PROCEDURE ParseDate(LOCAL inDate is string ,LOCAL NofutureDate is boolean=False,DayFirst is boolean = False) IF inDate = "" THEN RESULT "" END inDate = NoSpace(inDate) tmpdate is Date IF DateValid(inDate) THEN // Passed in YYYYMMDD format so just format it tmpdate = inDate ELSE FirstPart is string SecondPart is string ThirdPart is string arrMonth is array of 12 strings tmpdate = "19990101" FOR x = 1 TO 12 arrMonth[x] = Replace(DateToString(tmpdate,"MMM"),".","") tmpdate..Month++ END IF Position(inDate,"/") > 0 OR Position(inDate,".") > 0 OR Position(inDate,"-") > 0 OR Position(inDate," ") > 0 THEN // If there is a separator parse into 3 fields FirstPart = ExtractString(inDate,1,["/",".","-"," "]) SecondPart = ExtractString(inDate,2,["/",".","-"," "]) ThirdPart = ExtractString(inDate,3,["/",".","-"," "]) // Need to figure out if they entered month abbreviation, and convert to # tmpMonth is string IF DayFirst THEN tmpMonth = SecondPart ELSE tmpMonth = FirstPart END IF Length(tmpMonth) > 2 THEN tmpMonthNo is int = ArraySeek(arrMonth,asLinearFirst+tccIgnoreCase,tmpMonth) IF tmpMonthNo > 0 THEN tmpMonth = NumToString(tmpMonthNo,"02d") END IF DayFirst THEN SecondPart = tmpMonth ELSE FirstPart = tmpMonth END END ELSE // No separator parse into 3 fields based on length SWITCH Length(inDate) CASE 4 // No Year - Assume current FirstPart = inDate[[1 TO 2]] SecondPart = inDate[[3 TO 4]] ThirdPart = CurrentYear() CASE 6 // 2 digit year FirstPart = inDate[[1 TO 2]] SecondPart = inDate[[3 TO 4]] ThirdPart = inDate[[5 TO 6]] CASE 8 // 4 digit year FirstPart = inDate[[1 TO 2]] SecondPart = inDate[[3 TO 4]] ThirdPart = inDate[[5 TO 8]] END END IF ThirdPart = EOT THEN ThirdPart = "" END // Build Date - Assume current year for now tmpdate = Today() //tmpdate..Year = CurrentYear() IF DayFirst THEN IF SecondPart > 0 AND SecondPart < 13 THEN tmpdate..Month = SecondPart ELSE RESULT "" END IF FirstPart > 0 AND FirstPart < 32 THEN tmpdate..Day = FirstPart ELSE RESULT "" END ELSE IF FirstPart > 0 AND FirstPart < 13 THEN tmpdate..Month = FirstPart ELSE RESULT "" END IF SecondPart > 0 AND SecondPart < 32 THEN tmpdate..Day = SecondPart ELSE RESULT "" END END // Now we need to figure out the century for the year SWITCH Length(ThirdPart) CASE 2 tmpYear is string = CurrentYear() tmpCentry is string = Left(tmpYear,2) tmpYear = Right(tmpYear,2) IF Val(ThirdPart) > Val(tmpYear) + 20 THEN // if more than 20 years in future assume its a past date ThirdPart = NumToString(Val(tmpCentry)-1,"02d") + ThirdPart ELSE ThirdPart = NumToString(Val(tmpCentry),"02d") + ThirdPart END tmpdate..Year = ThirdPart IF NofutureDate AND tmpdate > Today() THEN // if NofutureDate (DOB) assume its a past date tmpdate..Year -= 100 ELSE ThirdPart = NumToString(Val(tmpCentry),"02d") + ThirdPart END CASE 4 tmpdate..Year = ThirdPart CASE 0 tmpdate..Year = CurrentYear() OTHER CASE RESULT "" END END // Return results IF DateValid(tmpdate) THEN RESULT tmpdate ELSE RESULT "" END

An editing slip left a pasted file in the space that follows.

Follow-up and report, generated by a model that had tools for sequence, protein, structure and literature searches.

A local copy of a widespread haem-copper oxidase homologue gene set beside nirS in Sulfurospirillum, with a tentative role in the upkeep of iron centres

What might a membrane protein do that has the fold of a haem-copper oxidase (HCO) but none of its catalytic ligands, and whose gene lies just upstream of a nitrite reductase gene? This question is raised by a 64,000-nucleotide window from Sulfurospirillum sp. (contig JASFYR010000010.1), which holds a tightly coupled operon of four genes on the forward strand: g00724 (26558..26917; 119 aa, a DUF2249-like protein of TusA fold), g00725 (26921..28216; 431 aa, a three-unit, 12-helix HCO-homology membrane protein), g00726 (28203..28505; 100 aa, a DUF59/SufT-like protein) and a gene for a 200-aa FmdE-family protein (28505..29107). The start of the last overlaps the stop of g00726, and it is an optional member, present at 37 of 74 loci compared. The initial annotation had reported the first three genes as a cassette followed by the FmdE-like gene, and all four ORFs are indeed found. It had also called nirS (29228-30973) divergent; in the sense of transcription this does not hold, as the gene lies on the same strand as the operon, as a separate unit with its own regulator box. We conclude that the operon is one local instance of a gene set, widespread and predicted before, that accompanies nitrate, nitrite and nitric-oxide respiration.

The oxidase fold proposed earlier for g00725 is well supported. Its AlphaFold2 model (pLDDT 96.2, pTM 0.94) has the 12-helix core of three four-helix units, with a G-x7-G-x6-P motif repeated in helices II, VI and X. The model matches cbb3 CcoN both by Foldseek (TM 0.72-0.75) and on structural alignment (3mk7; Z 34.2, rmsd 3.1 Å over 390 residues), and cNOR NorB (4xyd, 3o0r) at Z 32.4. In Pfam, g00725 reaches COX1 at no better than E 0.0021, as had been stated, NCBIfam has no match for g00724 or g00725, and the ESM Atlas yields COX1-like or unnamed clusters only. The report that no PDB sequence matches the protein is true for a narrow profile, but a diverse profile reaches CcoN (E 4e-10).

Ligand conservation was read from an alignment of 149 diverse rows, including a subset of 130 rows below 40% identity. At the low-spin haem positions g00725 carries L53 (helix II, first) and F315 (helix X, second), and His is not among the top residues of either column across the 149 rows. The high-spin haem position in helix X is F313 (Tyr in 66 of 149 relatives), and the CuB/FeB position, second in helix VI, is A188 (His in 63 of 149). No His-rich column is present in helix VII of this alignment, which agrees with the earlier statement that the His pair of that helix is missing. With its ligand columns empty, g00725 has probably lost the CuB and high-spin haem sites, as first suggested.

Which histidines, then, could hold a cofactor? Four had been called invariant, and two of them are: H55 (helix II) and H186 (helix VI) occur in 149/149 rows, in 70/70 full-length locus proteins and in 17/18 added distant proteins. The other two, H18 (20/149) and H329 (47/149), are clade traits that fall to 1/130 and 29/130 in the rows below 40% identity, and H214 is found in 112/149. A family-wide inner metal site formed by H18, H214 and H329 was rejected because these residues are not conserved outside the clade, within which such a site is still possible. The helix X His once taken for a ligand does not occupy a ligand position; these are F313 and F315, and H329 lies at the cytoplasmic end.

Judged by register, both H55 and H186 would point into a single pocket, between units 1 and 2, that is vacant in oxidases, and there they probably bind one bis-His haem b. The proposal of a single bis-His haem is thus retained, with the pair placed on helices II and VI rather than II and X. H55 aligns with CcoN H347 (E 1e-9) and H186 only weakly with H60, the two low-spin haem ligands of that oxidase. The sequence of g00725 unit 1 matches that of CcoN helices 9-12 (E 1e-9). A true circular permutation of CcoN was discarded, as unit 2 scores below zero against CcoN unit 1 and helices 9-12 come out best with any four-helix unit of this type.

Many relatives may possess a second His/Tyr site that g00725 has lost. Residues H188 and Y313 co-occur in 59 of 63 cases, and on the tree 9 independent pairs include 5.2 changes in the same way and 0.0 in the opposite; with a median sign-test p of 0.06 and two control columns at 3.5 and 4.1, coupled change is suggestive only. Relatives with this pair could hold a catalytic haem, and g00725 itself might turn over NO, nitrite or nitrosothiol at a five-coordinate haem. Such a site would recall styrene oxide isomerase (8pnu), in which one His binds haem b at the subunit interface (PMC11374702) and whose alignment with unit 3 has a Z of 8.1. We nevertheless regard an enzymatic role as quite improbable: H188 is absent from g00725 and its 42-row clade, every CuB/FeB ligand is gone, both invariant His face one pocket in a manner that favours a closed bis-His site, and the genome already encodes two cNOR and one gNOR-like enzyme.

Fortunately using the function is much more straightforward, in the exit with changes browser event of the edit control we have attached to the date picker we place this code
tmpHold is string = edtDemoDateDisplay edtDemoDateDisplay = DateToString(edtDemoDate,"MM/DD/YYYY") IF tmpHold <> edtDemoDateDisplay THEN // They keyed in the date instead of using the date picker //edtDemoDate = ParseDate(tmpHold,True,false) // No future dates - handles 2 digit year rollovers as being in the past - i.e. 010124 will be 1924 not 2024 - Good for Birthdays edtDemoDate = ParseDate(tmpHold,False,False) // with future dates - handles 2 digit year rollovers as being in the future if within 20 years - i.e. 010124 will be 2024 not 1924, but 010154 will be 1954 edtDemoDateDisplay = DateToString(edtDemoDate,"MM/DD/YYYY") END
tmpHold saves what is in the edit control
Next, we format the value in our hiddle control that is populated via the Date Pickers altField option. This value is in YYYYMMDDD so WEBDEV can handle it as a date variable
If they selected a date from the calendar then tmpHold and edtDemoDate will have the same value and we are done, if not, then we use the ParseDate function to populate our hidden control based on what the user typed into edtDemoDateDisplay. Note there are two sample calls, depending on if this field is likely to have future dates or not.
And now we have date control that is attractive and allows the user to select a date from a very functional calendar, or key the date in almost any imaginable format.
I have a sample page showing this control published at demo.wxperts.com if you would like to see it in action.
You can also download our wxDemov27 program from Dropbox which contains this demo page and code.